What Nobody Told Me About Small Farming: I Can’t Make a Living – DISSECTED – A Case Study – The Urban Farmer – Encore Episode 3

The Urban Farmer Week 43


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In this episode Curtis and I dissect an article that was published on Alternet on January 1, 2016 by farmer Jaclyn Moyer.

An article titled….

What Nobody Told Me About Small Farming: I Can’t Make a Living – People say we’re “rich in other ways,” but that doesn’t fix the ugly fact that most farms are unsustainable

This one is a good one and we cover a lot of business basics such as…

Who is your customer? What is their demographic? And what do they want?

What are you selling? Is that the right crop?

What are you focusing your time on? Is that the right thing?

And are you the right person to be doing this job.

We will break down the article to hopefully help a lot of you avoid some of the troubles that Jaclyn talked about in the article.

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What Nobody Told Me About Small Farming: I Can’t Make a Living

“People say we’re “rich in other ways,” but that doesn’t fix the ugly fact that most farms are unsustainable.”

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Have a question for Curtis?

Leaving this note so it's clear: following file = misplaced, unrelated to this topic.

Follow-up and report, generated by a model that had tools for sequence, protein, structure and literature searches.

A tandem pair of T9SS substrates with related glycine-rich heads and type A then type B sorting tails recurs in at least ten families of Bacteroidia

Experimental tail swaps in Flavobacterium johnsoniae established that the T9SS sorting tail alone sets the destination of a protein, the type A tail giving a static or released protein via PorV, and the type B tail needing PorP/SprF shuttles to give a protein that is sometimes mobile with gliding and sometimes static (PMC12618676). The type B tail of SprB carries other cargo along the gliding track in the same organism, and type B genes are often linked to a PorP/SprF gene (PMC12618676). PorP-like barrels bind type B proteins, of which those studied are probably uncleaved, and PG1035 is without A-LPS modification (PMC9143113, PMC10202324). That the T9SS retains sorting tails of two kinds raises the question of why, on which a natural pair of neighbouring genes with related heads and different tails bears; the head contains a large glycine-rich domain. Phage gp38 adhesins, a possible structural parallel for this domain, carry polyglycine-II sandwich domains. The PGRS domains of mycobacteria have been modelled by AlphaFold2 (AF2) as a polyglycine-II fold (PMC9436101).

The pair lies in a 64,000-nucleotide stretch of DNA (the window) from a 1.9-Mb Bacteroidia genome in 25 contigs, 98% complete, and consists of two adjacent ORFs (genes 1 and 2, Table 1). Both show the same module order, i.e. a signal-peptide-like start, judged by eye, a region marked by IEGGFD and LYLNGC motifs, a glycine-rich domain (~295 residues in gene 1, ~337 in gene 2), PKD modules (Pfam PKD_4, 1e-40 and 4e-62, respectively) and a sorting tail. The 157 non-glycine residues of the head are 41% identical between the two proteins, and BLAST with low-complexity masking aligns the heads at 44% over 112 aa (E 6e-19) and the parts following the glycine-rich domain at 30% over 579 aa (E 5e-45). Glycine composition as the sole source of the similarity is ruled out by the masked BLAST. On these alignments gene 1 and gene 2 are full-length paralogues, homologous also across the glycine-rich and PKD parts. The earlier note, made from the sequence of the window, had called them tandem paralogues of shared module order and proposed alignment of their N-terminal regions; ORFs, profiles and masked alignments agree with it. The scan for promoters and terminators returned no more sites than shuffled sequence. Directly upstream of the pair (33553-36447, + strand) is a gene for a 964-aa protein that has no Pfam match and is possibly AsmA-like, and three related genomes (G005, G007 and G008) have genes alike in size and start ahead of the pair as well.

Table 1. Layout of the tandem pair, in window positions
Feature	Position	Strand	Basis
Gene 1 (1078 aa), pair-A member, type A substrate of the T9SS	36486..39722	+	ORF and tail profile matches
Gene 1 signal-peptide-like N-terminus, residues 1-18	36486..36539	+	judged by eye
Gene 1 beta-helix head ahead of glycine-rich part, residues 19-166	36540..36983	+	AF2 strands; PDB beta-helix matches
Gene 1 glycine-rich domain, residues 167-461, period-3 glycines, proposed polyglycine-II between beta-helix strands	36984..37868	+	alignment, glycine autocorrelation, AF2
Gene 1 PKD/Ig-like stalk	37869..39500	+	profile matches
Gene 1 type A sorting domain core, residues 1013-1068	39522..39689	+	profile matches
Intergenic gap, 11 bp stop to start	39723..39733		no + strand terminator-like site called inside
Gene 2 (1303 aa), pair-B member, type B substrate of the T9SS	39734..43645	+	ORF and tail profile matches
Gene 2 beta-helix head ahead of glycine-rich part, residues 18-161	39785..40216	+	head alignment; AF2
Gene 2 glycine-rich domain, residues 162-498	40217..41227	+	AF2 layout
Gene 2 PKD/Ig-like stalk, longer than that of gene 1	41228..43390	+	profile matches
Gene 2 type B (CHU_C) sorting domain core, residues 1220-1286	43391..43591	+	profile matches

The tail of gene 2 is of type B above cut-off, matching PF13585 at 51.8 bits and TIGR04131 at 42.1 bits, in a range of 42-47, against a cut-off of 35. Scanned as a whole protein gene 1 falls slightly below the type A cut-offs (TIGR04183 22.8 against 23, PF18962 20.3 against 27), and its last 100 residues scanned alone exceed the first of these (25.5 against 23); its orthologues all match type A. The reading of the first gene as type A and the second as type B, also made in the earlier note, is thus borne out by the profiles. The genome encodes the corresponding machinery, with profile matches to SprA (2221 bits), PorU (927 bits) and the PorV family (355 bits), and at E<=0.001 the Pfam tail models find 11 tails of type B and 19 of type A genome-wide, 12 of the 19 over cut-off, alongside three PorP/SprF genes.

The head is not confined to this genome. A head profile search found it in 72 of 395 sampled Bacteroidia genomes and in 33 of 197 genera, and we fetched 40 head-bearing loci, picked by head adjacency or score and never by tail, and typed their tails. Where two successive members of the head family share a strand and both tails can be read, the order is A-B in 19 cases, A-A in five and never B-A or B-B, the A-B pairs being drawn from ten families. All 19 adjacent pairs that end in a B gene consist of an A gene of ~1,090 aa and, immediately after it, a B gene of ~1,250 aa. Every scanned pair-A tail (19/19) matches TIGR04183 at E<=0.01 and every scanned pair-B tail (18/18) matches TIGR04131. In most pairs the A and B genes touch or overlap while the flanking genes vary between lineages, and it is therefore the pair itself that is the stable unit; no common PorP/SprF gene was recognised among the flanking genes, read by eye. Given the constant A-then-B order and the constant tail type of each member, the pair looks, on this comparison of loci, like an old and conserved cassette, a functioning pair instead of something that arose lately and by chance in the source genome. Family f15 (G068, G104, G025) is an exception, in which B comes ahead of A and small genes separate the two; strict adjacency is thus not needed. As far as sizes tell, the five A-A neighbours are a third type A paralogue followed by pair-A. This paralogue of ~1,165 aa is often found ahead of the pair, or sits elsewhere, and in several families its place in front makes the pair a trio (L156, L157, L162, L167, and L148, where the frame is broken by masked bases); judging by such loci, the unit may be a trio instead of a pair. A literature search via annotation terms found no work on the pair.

Leave it in the comment section below.

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The Urban Farmer by Curtis Stone

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The Urban Farmer by Curtis Stone

The Urban Farmer is a comprehensive, hands-on, practical manual to help you learn the techniques and business strategies you need to make a good living growing high-yield, high-value crops right in your own backyard (or someone else’s).

Major benefits include:

  • Low capital investment and overhead costs
  • Reduced need for expensive infrastructure
  • Easy access to markets

Growing food in the city means that fresh crops may travel only a few blocks from field to table, making this innovative approach the next logical step in the local food movement.

Based on a scalable, easily reproduced business model, The Urban Farmer is your complete guide to minimizing risk and maximizing profit by using intensive production in small leased or borrowed spaces.

Get the Book and Support the Show

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Connect with Curtis Stone


Green City Acres on Facebook

Green City Acres on Instagram

The Urban Farmer Book by Curtis Stone

Profitable Urban Farming – The Course

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Have a question for Curtis?

Leave it in the comment section below.

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9 replies on “What Nobody Told Me About Small Farming: I Can’t Make a Living – DISSECTED – A Case Study – The Urban Farmer – Encore Episode 3

  • Donna

    I stopped listening at your discussion of wages. I have no respect for an attitude that you should not expect yourselves to pay a living wage.